Clara Schumann, Fanny Mendelssohn and a good number of other gifted but rarely acknowledged female composers of centuries past might well have been smiling from afar Friday evening as the Chicago Symphony Orchestra, led by conductor Marin Alsop, performed a program of three works by immensely gifted contemporary female composers.
Opening the concert was “This Midnight Hour,” a brief but brilliant work by Anna Clyne, a British-born composer who served as composer-in-residence with the CSO from 2010 to 2015. Its intoxicating 12 minutes is inspired by both a single line penned by the Nobel Prize-winning Spanish poet Juan Ramón Jiménez (“Music, a naked woman running mad through the pure night!”) and “Evening Symphony” a feverish love poem by the French master Charles Baudelaire that ends with these words: “Your memory in me glitters like a monstrance.”
The intense, high-energy opening of Clyne’s piece draws on the beauty of the orchestra’s lower strings and then expands into a stormy, high-energy riff that hints of impending danger. It generates a wonderful, sweeping sense of excitement and mystery with the addition of the brass, winds, drum and timpani, and overall, has the feel of a cinematic score full of high drama. The mood shifts are swift and seamless throughout, with a mournful, elegiac passage and sense of calm, the beautiful sounding of the brass and finally a great bang on timpani. Magic.
Next came “Rounds,” a remarkable work for string orchestra and solo piano composed in 2022 by New York-bred Jessie Montgomery (the CSO’s current composer-in-residence, who also happens to be a gifted violinist). It was driven by a breathtaking performance from the award-winning pianist Awadagin Pratt.
The piece also was inspired by poetry, drawn from a section of T.S. Eliot’s epic “Four Quartets.” And while Eliot’s words are neither sung nor spoken (they appear only in a program note), Montgomery’s piece captures the essence of these lines: “Neither ascent nor decline. Except for the point, the still point. There would be no dance, and there is only the dance.” (By the time the piece was over, I could only fervently wish that a gifted choreographer and dance company might grab hold of this 15-minute work and bring yet another dimension to its wonderfully dynamic, mood-shifting, fiercely modern quality.)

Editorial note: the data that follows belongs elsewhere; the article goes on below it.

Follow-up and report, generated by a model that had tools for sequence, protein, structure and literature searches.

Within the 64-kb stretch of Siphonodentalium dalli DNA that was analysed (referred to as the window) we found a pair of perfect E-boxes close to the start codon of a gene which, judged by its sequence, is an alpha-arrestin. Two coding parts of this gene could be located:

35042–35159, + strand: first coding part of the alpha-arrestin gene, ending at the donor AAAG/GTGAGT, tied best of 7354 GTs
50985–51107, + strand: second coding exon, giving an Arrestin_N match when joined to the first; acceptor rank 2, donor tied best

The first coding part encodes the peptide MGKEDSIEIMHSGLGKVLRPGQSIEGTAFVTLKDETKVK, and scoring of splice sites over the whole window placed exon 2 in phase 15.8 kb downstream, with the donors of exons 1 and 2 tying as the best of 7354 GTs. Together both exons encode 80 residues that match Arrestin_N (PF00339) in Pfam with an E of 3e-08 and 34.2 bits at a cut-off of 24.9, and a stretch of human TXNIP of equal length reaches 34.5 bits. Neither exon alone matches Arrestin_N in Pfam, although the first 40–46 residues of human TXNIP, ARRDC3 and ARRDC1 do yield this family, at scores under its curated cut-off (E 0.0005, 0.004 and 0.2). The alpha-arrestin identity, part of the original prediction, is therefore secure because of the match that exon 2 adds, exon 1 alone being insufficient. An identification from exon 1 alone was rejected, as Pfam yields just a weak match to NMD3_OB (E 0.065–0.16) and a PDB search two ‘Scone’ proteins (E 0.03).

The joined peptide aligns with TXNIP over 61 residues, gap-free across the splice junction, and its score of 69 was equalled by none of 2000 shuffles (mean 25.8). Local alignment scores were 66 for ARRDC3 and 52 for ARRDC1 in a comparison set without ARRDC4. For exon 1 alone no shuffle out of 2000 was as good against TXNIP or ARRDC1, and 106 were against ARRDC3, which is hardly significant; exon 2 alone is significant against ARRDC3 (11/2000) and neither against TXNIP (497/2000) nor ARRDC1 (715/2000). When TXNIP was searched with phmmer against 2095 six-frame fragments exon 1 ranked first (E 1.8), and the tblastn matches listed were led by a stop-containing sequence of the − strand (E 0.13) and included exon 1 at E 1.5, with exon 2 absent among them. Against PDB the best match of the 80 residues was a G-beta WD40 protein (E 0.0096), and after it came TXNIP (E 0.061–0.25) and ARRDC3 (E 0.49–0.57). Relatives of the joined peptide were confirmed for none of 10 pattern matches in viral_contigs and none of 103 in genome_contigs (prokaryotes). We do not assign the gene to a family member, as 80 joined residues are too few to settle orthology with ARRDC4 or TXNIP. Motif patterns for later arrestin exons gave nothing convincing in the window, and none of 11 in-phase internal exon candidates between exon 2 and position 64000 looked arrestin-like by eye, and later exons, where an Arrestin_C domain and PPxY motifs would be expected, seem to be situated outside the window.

“Rounds” opens with the piano at high speed and is then joined by the strings with a palpable urgency and great fluidity and dramatic intensity. Then there is a momentary pause and a delicate riff of otherworldly lyricism by both the piano and strings that soon grows darker, even more intense and more interior.
At one point, Pratt’s somewhat improvised bravura work on the piano — fast and ferocious, with a brief teasing plucking on the soundboard under the lid — served as yet another element in his dramatic performance that, like Montgomery’s score, alternated between the dreamy and the frantic before leading to a dramatic finale.
The second half of the concert was devoted entirely to “Her Story,” a highly theatrical and politically charged 40-minute oratorio created last year by the American composer Julia Wolfe (winner of a Pulitzer Prize for Music in 2015).
Scored for a full orchestra, as well as electric guitars, “Her Story” featured 10 female vocalists of the Lorelei Ensemble, who were amplified and initially positioned on the terrace above the stage, then placed throughout the orchestra and finally gathered in a line downstage.
The work draws on historical texts. First there is the letter that Abigail Adams sent to her husband, John, a founding father and future president who helped draft the Declaration of Independence, in which she advised him of the importance of assuring women’s rights. Then there is the adoption of the better-late-than-never 19th Amendment to the U.S. Constitution that secured women’s suffrage. And finally there are the winningly impassioned words of the slave-turned-suffragist, Sojourner Truth.
As dramatic and eloquent as all this might be, in the wake of a week of endless political bickering in Congress, plus years of political chaos and feminist outrage, “Her Story” was something less than revelatory. And I left Orchestra Hall thinking this is a work that would now be most effective were it somehow secretly streamed to the women of Afghanistan. (A dream, to be sure.)
All three works in this concert were met by effusive applause, with each of the three composers taking their bows while also paying reverence to both Alsop and the ever-brilliant musicians of the CSO.
Follow Hedy Weiss on Twitter: @HedyWeissCritic